Marie: I definitely had problems with my past, coming from a nightlife performing scenario. I didn’t think it was intellectual enough. But it was the most pure form of expression. Today I’m making things more intellectual, but it’s because I grew.
Desi: I just saw you did a performance at 1:1 on Saturday. I noticed that in that performance, it was a much more sober you. It was much more serious. I was surprised by it. I was expecting strobe lights and rolling around, and squatting and showing pussy but it was more like a life class. So talk about that performance.
Marie: Well, I already had done the strobe light and pussy. I had done something with my husband when we were more active two years ago. You reach a certain point. I am calmer now, I read more, I also work at a gallery, Reena Spauling Fine Art. The artists we represent, I work tightly with them, that is really influential. Basically, I’ve just been growing. And I have a great context of people around me. I don’t really have that need of being eccentric naturally in performance. I don’t have that need. What I wanted to do was something that was “subtle psychotic” but also something I totally relate to as a woman and a feminist. Metamorphosizing myself into a project that was going to be for sale. For a lot of reasons. The whole thing was satirical and ironic. I was going through these stages to get rid of everything that was characteristic of me, but with a twist. I’m also really fascinated by prostitution, the sense of someone buying you. I’m a laborer. I’m a worker. I actually got an offer today from someone who wants to buy me.
Desi: So you are for sale as an art piece. Or is it for an experience of some sort?
Marie: So they discussed the pricing and labor. What do they want me to do? That also has a price. If someone wants to have a coffee with me then maybe that’s a little cheaper than, say, tantric sex.
Desi: What was the offer?
Marie: Definitely not just having a coffee. I feel a lot of the arts going on today has become somewhat strategic and dry in a way. I’m not a fan of Marina Abramovic and that shit. I want to be humble. I want to talk to the people and thank them for coming. The aspect of putting yourself in danger is something I’m also fascincated by and I want to expose myself to.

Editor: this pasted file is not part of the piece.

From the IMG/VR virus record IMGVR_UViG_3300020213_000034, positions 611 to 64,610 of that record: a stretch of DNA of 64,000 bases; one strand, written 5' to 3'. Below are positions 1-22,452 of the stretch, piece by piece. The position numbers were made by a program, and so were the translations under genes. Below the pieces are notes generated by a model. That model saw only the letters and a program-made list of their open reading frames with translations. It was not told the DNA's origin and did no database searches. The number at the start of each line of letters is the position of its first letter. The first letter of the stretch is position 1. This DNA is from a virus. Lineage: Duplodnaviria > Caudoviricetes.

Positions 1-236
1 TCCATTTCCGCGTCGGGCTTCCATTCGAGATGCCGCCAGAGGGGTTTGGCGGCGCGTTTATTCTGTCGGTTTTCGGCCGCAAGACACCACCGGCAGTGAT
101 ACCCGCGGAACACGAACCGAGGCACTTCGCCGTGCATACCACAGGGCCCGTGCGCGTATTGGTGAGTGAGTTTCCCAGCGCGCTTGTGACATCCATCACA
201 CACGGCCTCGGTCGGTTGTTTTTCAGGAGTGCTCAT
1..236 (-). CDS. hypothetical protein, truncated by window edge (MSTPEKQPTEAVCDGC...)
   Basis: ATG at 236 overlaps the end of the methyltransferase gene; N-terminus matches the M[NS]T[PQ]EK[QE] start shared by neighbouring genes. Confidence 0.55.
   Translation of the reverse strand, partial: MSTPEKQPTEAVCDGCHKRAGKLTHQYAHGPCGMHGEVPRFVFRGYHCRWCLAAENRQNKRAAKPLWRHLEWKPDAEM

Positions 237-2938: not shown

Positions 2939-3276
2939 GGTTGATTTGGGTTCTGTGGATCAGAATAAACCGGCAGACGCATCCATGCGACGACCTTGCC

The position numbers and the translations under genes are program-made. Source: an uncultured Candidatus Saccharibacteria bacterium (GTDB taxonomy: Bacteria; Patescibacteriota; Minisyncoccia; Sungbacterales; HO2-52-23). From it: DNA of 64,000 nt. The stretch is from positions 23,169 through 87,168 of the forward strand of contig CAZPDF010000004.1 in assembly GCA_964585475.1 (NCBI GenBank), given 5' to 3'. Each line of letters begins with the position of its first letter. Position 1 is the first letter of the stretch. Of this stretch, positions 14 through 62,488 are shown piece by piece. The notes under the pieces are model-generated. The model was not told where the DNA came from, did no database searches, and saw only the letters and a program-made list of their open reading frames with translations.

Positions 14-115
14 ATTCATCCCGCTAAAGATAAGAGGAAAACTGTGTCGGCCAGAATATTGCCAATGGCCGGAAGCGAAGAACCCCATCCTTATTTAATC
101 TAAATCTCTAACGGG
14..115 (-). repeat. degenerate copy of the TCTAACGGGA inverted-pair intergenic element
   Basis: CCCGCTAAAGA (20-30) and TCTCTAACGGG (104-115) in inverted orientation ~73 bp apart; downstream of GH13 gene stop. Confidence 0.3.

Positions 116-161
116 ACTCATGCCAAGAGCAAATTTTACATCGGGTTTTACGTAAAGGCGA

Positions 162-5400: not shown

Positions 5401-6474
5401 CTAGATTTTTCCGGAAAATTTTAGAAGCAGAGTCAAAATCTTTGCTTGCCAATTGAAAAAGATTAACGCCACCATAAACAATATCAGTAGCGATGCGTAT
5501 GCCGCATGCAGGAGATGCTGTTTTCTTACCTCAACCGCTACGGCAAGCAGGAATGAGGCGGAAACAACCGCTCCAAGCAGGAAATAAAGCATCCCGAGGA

Desi: Where are you going to go with that? Opening yourself up to dangerous situtations?
Marie: I think about that all the time, like a paranoia. I think about putting myself in situations where I’m going to get killed or fucked up but that I’m comfortable with. I’m a sadist and a masochist at the same time. Especially with the tape recorder, because it was my voice.
“When I discovered my darkness, I just wanted to swim in it, it was like water for me. I don’t have the same need today. I’m aware of my darkness, but I’m also aware of the light.”
Desi: You were submissive to your own voice. I like these power plays of ‘who is master, who is servant’ and how do they play with each other.
Marie: Exactly, the dialectic between master and servant is something I’m really fascinated with, too. Especially with human relations.
Desi: I think in all relationships there’s that element, with different levels of subtlety.
Marie: I wanted to put that in my performance.
Desi: That was my favorite component really, you being the puppet to your own voice.
Marie: I needed to metamorphosize into a product and remove as much of Marie as possible. I need to control. And Marie was removing that. I am curious now if someone will buy me. How much part will that be of the performance?
Desi: Let’s say you get purchased, will it be documented?
Marie: I would like to film it. The woman that offered . . . It depends on them. Because I’m the slave. If they buy me I will do whatever they want me to do.
“I was living cheap, and rent is not as high when you’re living in a shithole with three people.”
Desi: There’s not going to be any boundaries.
Marie: Well they have to discuss the labor before. Depends on what they want me to do. Everything has a price.
Desi: So they are writing a script in some ways, an outline.
Marie: I can say there’s been a woman that’s serious about buying me and what’s to do tantric sex in her Tribeca loft. That has a price but that’s also something that I’m comfortable with. But I’m not into the freak show of it. If someone wants me to eat their shit, that’s not something I would do.
Desi: Meow, Meow.
Hair Leonardo Manetti for ION Studio. Make Up Serge Hodonou using M.A.C. Cosmetics for Frank Reps. Manicure Dawn Sterling at Melbourne Artists Management using Chanel.